Billy Corgan: Artists Are Constantly Being Told They Have No Value…

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Billy Corgan, speaking on CNBC’s ‘Post 9’ this morning…

Corgan: The music industry is mostly run by feckless idiots, who do not subscribe to the normal tenets of capitalism. Which when they do, the business tends to work out well, stars rise to the top, everybody benefits.  But it’s still a parochial business that’s run by fiefdoms, way behind the times technologically.  Other companies, the tech world is just blowing music out of the water in particular.

But, music artists in particular remain incredibly valuable to launching things, hence tech companies keep cycling back to music artists.

And music artists need to figure out their true value in a free market society, which they’ve been slow to do because you have that old model of telling artists that they’re not worth anything, that they’re disposable.

Similar to what you’ve seen in the sports leagues, you’re gonna see that evolution now happen finally in the music business.

CNBC Host: So Billy what do you think of Tidal, because it seems to me like this is Jay-Z’s attempt to swing the pendulum, to get the artist some more power.  That’s the way he’s talked about it, to slice the pie differently, and to get higher quality music out there, because it seems to me we’re in an era where it’s easier than ever to get low-quality bad music, and somebody’s got to push things the other way.   Or do you agree with his approach here, what should we do?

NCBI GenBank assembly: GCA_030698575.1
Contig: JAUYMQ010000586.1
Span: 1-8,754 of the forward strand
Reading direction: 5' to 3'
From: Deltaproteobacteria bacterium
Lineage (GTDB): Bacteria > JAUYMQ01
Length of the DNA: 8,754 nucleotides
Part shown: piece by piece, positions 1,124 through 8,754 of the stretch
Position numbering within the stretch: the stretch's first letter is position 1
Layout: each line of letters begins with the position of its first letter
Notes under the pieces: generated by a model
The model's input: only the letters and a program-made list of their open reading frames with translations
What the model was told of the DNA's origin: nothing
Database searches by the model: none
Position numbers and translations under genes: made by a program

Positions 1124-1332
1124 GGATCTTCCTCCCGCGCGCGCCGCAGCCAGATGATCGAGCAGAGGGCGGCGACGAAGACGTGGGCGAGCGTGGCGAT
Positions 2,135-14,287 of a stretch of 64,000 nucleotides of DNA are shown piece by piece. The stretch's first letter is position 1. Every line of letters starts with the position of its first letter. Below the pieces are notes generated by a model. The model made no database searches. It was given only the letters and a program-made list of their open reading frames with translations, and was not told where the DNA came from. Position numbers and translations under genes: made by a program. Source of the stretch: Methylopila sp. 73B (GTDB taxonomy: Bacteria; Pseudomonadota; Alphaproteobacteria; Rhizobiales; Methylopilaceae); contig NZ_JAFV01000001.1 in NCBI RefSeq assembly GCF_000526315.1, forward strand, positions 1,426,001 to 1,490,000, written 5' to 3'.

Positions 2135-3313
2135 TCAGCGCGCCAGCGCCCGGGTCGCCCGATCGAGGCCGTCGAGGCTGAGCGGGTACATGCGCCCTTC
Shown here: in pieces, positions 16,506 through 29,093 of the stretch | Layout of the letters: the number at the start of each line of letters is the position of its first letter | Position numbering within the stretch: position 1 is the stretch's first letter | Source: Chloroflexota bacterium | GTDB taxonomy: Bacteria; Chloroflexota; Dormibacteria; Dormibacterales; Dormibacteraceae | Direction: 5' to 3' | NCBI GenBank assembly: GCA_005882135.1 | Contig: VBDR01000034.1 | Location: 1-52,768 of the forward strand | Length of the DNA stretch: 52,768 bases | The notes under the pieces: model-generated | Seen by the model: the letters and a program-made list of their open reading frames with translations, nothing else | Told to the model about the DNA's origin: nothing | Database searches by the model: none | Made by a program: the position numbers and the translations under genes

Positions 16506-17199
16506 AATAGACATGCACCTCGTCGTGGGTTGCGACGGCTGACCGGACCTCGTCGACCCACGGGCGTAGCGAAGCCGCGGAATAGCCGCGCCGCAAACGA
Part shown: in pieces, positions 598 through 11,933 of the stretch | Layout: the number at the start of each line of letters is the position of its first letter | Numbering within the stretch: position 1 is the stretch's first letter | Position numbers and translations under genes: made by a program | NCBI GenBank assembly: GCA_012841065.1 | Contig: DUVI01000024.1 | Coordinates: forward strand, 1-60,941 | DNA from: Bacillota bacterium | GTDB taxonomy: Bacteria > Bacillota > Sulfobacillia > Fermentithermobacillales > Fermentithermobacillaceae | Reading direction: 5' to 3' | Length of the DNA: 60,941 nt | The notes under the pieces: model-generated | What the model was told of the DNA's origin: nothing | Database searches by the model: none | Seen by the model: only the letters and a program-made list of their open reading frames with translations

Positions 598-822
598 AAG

Corgan: The problem is, is that, although I celebrate the idea of him creating his own model, it leaves a lot of people out.  And so at some point, you have to have winners and losers because that’s the way it works.  So to try to sell it as an overt, altruistic thing is disingenuous because it’s not.  He’s taking his slice of the pie, which he has every right to do, he’s a powerful man and he works with powerful people.

But by the way I’m a powerful artist and I don’t remember getting a phone call from him, but I get phone calls from other people and I have to make similar decisions from the other end.  But to sell it as altruistic, I don’t buy it.

CNBC: But as we see more competition, more people like Jay -Z trying to get into the game.  How much more fragmented can this market be, as everyone fights over licenses, exclusivity —

Corgan: Wild West, Wild West, you’re going to a complete disintegration of the business model, and the reforming.